• One of the most touching things about adoption I’ve heard and seen came from a homeschool mom last year. She is just so in love with her big (soon teen) son, riddled with learning disabilities and issues as one who was a crack baby. She and her husband barely slept those first few years because his brain didn’t know how. She believes women who conceive aren’t the only ones who’re fated to be mothers. She believes she was chosen as definingly. I have profound respect for foster and adoptive mothers. Am so glad you got to share your grief and sorrows with us, S. (And no more thanks!)

    • I’ve been bowled over by the show of love from people who adopt – esp children from China. There is a deeply moving youtube of an American couple that adopted a deaf girl from there. She had surgery in the States – the name of the implanted device escapes me this very tired morning – and went on to live a productive, joyful life filled with love. I still remember the scenes vividly. You could tell they adored her. The thing is, she would’ve just sat in an orphanage among hundreds in a soundless world, and never learn language or all the concepts that make up life, if they hadn’t rescued her bc there is a critical window of lang developmt for the surgery. The mother mentioned that the girl was going to grow up to be a strong woman, assured of the love of her father. Just amazing, what people can do for one another.

      • It sure is. When we looked into International Adoption, we were so very grateful that Korea uses Foster Mommies (those women are saints!) because the orphanage system (like the one in China) really lacks a great deal comparatively.

      • If you can manage the time, can you share briefly (summarize) the difference? I know Korea does or at least 30 yrs ago did have orphanages. I’m surprised K would use foster parents. These are…Korean or nonnative?

      • We looked into China and Russia (my husband at the time was Russian) when we first began this process – – and China out and out refused us for having “too many children.” We had three boys then. But they had (and think still do) large, crowded orphanages. Russia was showing high incidence of FAS in their stats, which frightened us. Orphanage system there, as well. Korea in 1997 (and when I flew to Seoul) used only foster mothers (Korean) who were the most amazing women I’ve ever met. I believe they were volunteers, but I brought soooooo many gifts. An entire suitcase full. I kept in touch with her thru the years, sending photos, (she got many new assignments after my daughter but always seemed to fondly remember us) She was around 50 with an adult daughter of her own, and married. They sent us photos (before we were given permission to travel there) of all of them constantly holding her and the FM carrying her on her back with this ingenius blanket system! I would send little outfits, and they would take photos of her wearing them and send them back to me! It was something I could treasure while I waited for her Visa to be approved and all the red-tape stuff to go through. I also sent her a photo of my face (a close-up) and wouldn’t you know that when I first arrived and laid eyes on my new little daughter, she reached her little hand out to me and smiled in recognition!! The FM had been showing her that picture, saying “Mama, Mama” over and over. It was A TRUE MIRACLE!! Oh see….don’t get me started talking about all this – – I never stop!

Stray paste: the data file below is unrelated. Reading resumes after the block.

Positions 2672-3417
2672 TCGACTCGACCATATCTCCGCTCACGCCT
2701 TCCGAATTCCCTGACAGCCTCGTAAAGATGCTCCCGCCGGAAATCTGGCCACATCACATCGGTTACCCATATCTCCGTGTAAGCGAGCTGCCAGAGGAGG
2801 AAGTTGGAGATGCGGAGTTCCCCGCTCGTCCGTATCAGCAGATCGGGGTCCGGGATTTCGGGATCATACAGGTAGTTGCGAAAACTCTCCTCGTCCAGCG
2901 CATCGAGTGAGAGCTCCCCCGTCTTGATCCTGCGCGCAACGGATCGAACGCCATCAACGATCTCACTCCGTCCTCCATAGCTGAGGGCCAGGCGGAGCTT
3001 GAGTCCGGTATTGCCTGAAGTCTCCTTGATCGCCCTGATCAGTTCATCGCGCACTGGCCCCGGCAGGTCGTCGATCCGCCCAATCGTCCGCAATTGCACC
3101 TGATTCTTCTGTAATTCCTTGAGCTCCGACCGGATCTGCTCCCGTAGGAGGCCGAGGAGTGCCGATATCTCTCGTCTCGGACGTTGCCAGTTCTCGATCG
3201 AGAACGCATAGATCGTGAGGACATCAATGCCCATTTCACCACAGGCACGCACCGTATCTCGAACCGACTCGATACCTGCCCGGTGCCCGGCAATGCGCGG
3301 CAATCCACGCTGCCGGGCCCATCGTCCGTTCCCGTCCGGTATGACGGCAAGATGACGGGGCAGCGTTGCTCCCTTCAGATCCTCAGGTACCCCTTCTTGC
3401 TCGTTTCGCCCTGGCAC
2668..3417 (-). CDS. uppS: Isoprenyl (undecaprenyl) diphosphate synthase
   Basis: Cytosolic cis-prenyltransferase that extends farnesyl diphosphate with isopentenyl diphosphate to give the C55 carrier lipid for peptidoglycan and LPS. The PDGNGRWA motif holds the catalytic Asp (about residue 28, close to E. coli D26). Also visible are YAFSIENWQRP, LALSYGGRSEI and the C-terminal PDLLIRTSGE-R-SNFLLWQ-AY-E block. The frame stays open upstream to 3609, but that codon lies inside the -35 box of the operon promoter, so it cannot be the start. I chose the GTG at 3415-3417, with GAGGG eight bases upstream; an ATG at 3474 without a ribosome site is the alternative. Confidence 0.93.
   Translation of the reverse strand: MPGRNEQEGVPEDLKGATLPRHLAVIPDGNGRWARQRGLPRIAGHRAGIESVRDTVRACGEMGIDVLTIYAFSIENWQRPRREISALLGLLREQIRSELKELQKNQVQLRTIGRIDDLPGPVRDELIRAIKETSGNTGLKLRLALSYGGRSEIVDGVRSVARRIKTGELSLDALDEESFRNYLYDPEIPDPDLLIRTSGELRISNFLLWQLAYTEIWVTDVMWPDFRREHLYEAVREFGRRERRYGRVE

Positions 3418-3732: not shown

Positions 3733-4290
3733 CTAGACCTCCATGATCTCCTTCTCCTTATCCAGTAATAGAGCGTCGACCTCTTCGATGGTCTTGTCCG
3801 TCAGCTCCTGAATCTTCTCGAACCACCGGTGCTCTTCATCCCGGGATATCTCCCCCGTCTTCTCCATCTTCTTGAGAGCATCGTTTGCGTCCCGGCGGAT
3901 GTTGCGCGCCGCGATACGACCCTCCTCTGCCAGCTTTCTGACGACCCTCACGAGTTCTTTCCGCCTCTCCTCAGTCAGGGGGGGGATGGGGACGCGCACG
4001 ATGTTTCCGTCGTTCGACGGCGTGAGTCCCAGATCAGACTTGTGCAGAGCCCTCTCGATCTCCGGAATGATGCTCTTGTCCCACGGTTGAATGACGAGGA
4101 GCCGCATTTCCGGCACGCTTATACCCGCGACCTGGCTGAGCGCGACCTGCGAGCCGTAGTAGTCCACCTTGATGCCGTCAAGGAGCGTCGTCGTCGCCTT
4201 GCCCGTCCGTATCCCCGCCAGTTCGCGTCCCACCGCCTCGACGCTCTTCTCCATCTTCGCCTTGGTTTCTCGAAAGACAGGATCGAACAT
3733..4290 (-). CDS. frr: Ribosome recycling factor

• Getting chills. Omg how beautiful she showed her your pic as she did for J to recognize you. You meant the FM gave you the gifts? Not the other way around. This is the first time I’m hearing of Korean FMs. So very interesting. Precisely bc Koreans so stigmatized (at least did) kids who weren’t theirs by blood (if they were somehow under your roof) or sUFfered the stigma if they were caring for kids who were not theirs.

My Two Gold Cents in the Holistic Treasury